The tech press and gadget blogosphere obsess over new products, new Web sites, new technologies and new ideas. We all love the shock of the new.
But the truth is, the very best products in this industry are new versions of old products. 1.0 releases often take bold stabs at solving existing problems. But only after a few really smart tweaks do they become ultra compelling and, in some cases, indispensable.
The most obvious example of this phenomenon is the iPhone. Apple's original shot at smart phone greatness two years ago grabbed more attention than just about any product ever. Never mind that it lacked basic functionality nearly universal in the industry, such as copy and paste, a decent camera and third-party applications. This month's iPhone 3GS version was probably the least hyped iPhone. But it's orders of magnitude better and more useful than the original.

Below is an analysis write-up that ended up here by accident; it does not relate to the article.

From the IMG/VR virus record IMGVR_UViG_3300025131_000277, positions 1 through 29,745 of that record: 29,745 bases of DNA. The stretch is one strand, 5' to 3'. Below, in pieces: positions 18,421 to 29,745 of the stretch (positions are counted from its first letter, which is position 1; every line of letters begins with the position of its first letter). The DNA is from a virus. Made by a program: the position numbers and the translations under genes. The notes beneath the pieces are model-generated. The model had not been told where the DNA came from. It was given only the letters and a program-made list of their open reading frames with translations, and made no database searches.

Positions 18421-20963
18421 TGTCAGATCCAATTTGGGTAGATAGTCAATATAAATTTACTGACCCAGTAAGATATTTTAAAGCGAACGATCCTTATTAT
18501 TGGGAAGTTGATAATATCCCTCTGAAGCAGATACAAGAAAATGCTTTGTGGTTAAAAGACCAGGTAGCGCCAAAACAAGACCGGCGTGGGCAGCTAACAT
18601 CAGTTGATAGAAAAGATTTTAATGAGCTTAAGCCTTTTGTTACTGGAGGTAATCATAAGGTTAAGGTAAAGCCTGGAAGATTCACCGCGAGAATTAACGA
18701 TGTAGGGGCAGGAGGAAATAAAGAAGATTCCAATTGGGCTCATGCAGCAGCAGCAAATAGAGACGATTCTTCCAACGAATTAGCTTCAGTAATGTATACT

There seems to be some kind of inverse relationship between the hype a product gets and its quality. When people stop talking about something, you know it's truly great. That's why I'm writing this column. Some of the greatest software and services in the industry have shipped in the last few days, and others will become available in the coming weeks and months, and they're not getting the attention they deserve.
Of course, most products get better in subsequent versions. But some get so good that they can actually enhance your career, your relationships -- and your life. Here are the six old products perfected by brand-new improvements.
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